Given the national reaction to my last blog, I’ve decided that, if you care to indulge me this summer, I’ll be posting more of my running musings on substance, style and popular culture.
Music videos are by definition a triumph of style over substance. You literally have only 4 minutes to savor the hope of attaining your 15 minutes of fame.
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There are no more videogenic singers on the planet right now than Adam Levine of Maroon 5 and Rihanna, he the Magnum XL cum laude graduate of the Bryan Ferry dripping-with-detachment-school-of-personal-style, she the Barbados born beauty of the legs that start somewhere around her earlobes and end at the floor.
Both are perfectly matched in their vocal inability to (thankfully) make it past the top 12 on “American Idol.”
While they have each made compelling visual statements in their own videos, who knew that they would be so perfectly matched in the most palpably erotically charged and relevant music video of 2008 for the single “If I never see your face again?”
It’s a refreshing alternative to the insufferably pretentious Madonna and Justin Timberlake collaboration”4 minutes to save the world,” which wears its misguided attempt at substance right in it’s title.
“4 minutes” tries to sell us on the (yesterday’s news cliche) Madonna-as-cougar-Justin-as-boy-toy but the sexual tension comes off as pathetically Oedipal. Justin is no more than the wind machine to her current Stevie Nicks-like inability to move coherently or gracefully. “Stand back, stand back” I keep thinking to myself.
(Note to Mad: You’ve really lost your touch and missed the cultural vibe entirely, just like the other gal who was recently peddling her experience in an effort to save the world .)
“If I never” on the other hand, has it’s visual finger right on the jugular of the cultural moment. (To anachronistically combine Bill Clinton and Barak Obama’s political playbooks, “It’s about change stupid.”)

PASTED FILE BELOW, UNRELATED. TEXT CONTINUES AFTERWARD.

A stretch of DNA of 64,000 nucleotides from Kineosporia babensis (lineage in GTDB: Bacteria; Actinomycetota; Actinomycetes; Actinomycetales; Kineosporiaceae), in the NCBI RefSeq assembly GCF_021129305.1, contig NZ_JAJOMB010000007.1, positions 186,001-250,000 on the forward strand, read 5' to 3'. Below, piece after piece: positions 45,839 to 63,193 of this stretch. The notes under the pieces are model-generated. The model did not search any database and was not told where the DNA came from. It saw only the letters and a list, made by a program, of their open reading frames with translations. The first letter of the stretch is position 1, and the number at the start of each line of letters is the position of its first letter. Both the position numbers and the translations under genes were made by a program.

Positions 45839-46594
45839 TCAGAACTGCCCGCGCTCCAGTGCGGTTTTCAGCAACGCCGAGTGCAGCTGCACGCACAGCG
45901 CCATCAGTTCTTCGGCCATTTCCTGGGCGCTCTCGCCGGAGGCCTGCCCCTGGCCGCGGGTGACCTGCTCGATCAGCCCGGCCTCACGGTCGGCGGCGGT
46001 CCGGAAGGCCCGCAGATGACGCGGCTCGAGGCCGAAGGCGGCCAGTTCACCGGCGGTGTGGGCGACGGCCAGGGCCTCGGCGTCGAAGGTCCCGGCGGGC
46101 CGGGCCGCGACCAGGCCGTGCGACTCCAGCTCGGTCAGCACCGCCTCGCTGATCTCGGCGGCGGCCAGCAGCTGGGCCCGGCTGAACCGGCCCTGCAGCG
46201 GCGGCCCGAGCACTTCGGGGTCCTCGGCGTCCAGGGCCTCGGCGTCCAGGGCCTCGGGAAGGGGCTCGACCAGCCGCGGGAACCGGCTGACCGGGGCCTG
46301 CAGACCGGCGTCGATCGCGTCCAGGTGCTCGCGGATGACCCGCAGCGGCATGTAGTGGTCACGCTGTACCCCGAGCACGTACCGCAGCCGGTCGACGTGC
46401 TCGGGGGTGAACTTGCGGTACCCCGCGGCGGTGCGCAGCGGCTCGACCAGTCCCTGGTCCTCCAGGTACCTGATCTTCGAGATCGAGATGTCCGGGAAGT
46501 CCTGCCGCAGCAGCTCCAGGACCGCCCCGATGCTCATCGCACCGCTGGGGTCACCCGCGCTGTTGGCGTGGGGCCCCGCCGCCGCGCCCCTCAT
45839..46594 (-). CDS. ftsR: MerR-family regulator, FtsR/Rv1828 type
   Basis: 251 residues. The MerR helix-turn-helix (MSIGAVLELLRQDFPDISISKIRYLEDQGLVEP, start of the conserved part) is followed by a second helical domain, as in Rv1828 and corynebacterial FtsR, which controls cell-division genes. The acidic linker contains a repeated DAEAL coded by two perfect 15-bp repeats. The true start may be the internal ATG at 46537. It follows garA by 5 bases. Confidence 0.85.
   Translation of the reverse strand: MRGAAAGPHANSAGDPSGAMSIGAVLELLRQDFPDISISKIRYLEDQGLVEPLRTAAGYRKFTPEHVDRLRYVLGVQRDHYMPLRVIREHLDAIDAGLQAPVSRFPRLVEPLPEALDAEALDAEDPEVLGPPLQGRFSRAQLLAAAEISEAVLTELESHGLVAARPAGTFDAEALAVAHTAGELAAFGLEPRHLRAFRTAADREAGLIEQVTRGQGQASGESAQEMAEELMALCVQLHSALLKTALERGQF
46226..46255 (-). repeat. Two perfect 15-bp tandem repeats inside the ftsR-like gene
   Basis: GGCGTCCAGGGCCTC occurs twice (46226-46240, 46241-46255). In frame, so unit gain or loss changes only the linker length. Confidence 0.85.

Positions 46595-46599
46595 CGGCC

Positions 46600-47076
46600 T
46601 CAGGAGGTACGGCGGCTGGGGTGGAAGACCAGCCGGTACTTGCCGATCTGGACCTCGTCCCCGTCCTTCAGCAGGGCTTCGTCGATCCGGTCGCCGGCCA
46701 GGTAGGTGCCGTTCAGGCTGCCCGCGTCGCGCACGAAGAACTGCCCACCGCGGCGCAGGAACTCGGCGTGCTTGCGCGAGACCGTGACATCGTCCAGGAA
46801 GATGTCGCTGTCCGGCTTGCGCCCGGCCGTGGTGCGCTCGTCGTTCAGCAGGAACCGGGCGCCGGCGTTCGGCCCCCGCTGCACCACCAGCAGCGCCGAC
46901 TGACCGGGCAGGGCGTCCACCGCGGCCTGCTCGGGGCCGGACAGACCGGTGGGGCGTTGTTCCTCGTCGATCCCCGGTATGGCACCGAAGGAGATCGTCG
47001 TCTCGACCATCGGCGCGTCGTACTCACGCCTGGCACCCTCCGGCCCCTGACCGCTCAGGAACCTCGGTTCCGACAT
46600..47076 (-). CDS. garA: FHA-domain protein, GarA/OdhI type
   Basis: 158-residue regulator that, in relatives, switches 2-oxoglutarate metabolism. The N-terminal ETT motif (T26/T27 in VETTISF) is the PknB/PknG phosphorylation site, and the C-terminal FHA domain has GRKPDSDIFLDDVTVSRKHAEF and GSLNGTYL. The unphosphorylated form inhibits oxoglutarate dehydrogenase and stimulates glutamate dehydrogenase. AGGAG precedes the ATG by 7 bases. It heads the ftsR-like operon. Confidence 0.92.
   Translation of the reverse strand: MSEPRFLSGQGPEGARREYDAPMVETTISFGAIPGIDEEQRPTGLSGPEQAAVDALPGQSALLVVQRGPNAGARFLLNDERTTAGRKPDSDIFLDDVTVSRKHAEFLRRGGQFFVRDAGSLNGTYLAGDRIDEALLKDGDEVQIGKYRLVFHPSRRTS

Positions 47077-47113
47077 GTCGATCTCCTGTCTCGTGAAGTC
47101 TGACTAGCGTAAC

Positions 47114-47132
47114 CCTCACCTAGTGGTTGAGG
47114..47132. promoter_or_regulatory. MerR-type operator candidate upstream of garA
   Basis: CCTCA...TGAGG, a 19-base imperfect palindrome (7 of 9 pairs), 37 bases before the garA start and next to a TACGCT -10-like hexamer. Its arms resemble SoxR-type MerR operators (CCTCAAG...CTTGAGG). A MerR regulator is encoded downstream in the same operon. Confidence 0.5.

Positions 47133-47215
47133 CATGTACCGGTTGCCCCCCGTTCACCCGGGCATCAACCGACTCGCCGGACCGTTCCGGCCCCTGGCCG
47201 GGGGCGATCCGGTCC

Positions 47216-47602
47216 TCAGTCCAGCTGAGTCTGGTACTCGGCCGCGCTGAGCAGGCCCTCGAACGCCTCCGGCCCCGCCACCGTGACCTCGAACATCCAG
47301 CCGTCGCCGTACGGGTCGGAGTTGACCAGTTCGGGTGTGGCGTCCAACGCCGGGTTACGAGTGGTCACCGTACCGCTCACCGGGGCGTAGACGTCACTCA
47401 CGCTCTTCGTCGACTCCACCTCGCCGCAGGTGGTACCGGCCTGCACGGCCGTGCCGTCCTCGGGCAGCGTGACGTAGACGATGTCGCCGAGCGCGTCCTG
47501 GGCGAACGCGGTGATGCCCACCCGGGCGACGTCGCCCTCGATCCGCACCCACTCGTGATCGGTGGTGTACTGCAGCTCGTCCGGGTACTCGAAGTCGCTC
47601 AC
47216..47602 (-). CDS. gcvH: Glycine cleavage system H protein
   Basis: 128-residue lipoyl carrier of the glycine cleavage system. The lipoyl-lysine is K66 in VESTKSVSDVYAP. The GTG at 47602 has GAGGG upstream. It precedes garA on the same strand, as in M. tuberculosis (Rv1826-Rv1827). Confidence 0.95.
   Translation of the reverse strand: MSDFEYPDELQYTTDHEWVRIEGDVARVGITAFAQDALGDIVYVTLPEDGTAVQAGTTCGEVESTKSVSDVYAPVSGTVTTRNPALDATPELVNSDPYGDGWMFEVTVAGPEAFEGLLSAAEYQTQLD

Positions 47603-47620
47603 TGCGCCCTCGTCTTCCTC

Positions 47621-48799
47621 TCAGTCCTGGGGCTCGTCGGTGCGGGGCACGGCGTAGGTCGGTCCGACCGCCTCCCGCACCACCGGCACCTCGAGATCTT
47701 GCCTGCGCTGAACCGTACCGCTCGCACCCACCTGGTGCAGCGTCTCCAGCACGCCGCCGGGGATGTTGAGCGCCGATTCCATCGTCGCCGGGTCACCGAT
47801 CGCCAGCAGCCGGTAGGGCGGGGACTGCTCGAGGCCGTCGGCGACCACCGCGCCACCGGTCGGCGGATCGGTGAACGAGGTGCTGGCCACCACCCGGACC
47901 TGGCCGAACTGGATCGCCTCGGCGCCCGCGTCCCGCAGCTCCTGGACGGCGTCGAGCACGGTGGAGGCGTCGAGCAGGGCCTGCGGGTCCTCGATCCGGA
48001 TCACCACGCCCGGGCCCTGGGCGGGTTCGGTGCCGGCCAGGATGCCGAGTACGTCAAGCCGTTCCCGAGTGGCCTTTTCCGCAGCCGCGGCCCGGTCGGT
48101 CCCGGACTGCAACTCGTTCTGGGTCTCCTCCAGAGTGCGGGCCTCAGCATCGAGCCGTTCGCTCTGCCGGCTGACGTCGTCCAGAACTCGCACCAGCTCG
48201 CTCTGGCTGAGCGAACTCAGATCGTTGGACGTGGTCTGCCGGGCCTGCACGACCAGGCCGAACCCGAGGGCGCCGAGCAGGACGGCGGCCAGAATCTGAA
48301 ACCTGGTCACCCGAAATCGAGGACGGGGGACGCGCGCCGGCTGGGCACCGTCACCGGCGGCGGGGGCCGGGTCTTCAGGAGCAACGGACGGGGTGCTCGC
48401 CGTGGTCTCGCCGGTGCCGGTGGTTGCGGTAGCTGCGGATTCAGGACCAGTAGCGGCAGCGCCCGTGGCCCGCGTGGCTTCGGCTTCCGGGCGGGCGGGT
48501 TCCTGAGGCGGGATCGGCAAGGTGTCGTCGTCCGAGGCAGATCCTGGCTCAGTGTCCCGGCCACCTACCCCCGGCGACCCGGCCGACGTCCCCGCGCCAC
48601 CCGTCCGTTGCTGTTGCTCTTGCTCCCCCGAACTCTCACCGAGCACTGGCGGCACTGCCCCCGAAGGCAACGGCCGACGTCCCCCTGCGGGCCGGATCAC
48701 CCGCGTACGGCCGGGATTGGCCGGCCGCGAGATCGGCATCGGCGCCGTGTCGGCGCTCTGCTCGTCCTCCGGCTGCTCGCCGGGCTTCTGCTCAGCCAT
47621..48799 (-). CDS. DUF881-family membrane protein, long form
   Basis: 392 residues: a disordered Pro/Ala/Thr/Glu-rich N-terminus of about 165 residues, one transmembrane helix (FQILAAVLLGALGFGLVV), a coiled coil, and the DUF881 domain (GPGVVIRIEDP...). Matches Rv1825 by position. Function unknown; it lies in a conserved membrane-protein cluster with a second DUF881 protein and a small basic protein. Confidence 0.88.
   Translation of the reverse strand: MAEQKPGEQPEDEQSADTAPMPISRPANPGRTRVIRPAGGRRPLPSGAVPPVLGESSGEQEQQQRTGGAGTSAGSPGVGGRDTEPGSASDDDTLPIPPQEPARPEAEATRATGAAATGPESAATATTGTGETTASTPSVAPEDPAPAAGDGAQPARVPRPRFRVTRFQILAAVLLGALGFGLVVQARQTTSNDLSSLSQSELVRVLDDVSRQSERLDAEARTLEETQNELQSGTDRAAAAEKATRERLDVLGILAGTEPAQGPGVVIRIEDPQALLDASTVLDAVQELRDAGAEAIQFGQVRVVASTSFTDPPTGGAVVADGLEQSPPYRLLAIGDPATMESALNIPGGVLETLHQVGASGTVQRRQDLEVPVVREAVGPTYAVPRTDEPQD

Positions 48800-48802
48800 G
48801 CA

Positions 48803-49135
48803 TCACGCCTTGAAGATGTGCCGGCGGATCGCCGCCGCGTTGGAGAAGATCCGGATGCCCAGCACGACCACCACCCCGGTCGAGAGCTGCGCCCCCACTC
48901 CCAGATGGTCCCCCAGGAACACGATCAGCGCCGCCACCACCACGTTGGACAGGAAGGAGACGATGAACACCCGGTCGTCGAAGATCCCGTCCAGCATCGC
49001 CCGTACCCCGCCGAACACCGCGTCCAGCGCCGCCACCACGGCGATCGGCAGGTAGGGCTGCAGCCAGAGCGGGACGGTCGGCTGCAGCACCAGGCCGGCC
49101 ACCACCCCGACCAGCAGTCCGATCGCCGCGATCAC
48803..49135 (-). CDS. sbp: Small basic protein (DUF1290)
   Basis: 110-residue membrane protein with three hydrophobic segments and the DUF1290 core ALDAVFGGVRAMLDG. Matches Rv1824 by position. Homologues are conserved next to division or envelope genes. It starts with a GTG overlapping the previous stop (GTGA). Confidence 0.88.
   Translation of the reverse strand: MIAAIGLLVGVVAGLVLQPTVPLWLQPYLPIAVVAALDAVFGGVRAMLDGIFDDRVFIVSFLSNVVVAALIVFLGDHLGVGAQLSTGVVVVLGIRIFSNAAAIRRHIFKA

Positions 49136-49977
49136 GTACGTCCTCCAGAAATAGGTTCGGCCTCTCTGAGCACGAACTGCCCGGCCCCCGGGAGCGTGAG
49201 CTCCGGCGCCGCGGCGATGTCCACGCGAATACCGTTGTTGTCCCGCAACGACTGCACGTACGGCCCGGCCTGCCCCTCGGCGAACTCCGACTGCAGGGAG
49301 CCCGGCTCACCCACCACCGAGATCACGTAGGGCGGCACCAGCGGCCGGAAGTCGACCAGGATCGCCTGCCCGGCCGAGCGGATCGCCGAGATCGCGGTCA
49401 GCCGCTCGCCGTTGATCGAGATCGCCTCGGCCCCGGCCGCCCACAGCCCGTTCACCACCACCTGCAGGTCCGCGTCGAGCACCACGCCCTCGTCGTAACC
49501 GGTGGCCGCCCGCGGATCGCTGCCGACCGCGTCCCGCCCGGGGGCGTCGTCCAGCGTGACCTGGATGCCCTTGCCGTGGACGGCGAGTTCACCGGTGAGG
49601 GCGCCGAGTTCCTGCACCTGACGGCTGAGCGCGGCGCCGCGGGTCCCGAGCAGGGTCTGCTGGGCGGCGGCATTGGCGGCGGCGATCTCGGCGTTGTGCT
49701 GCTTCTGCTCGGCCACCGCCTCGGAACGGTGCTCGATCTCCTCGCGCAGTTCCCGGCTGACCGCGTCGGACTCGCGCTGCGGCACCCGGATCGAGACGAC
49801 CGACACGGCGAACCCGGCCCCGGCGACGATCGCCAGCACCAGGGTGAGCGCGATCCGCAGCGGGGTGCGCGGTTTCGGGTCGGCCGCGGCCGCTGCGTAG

Unlike the pedantic “4 minutes,” “If I never” brilliantly oozes studied nonchalance both lyrically and, most importantly, visually. The on screen pairing of Adam and Rihanna is frought with at least as much transgression as that of the anscestoral Adam and Eve.
There’s no apple or serpent here, just a microphone which is audaciously wielded about like a shared sex toy and (given the political moment) as a middle finger to the historical interracial intolerance of the miscegenation laws.
Lyrically, the song reminds me of the best line of dialogue ever from an American movie. In “The Fabulous Baker Boys,” a film which oddly enough is famous for a scene involving a piano and a microphone, Michelle Pfeiffer confronts Jeff Bridges about their “relationship.” Bemused, he asks her: “Relationship? What relationship? All I did was [expletive] you twice!”
I assume that’s the exact same response we would get from our current president, as the next election looms, if we were to confront him as an electorate about our collective 8 year relationship.
And if he were ever to find it within himself to say sorry for the economic and military reality he created and is leaving behind, I can hear Rihanna singing her current solo single“Take a Bow” in its entirety, sort of an “Exhale to the Chief: “Don’t tell me you’re sorry cause you’re not. You’re only sorry you got caught.”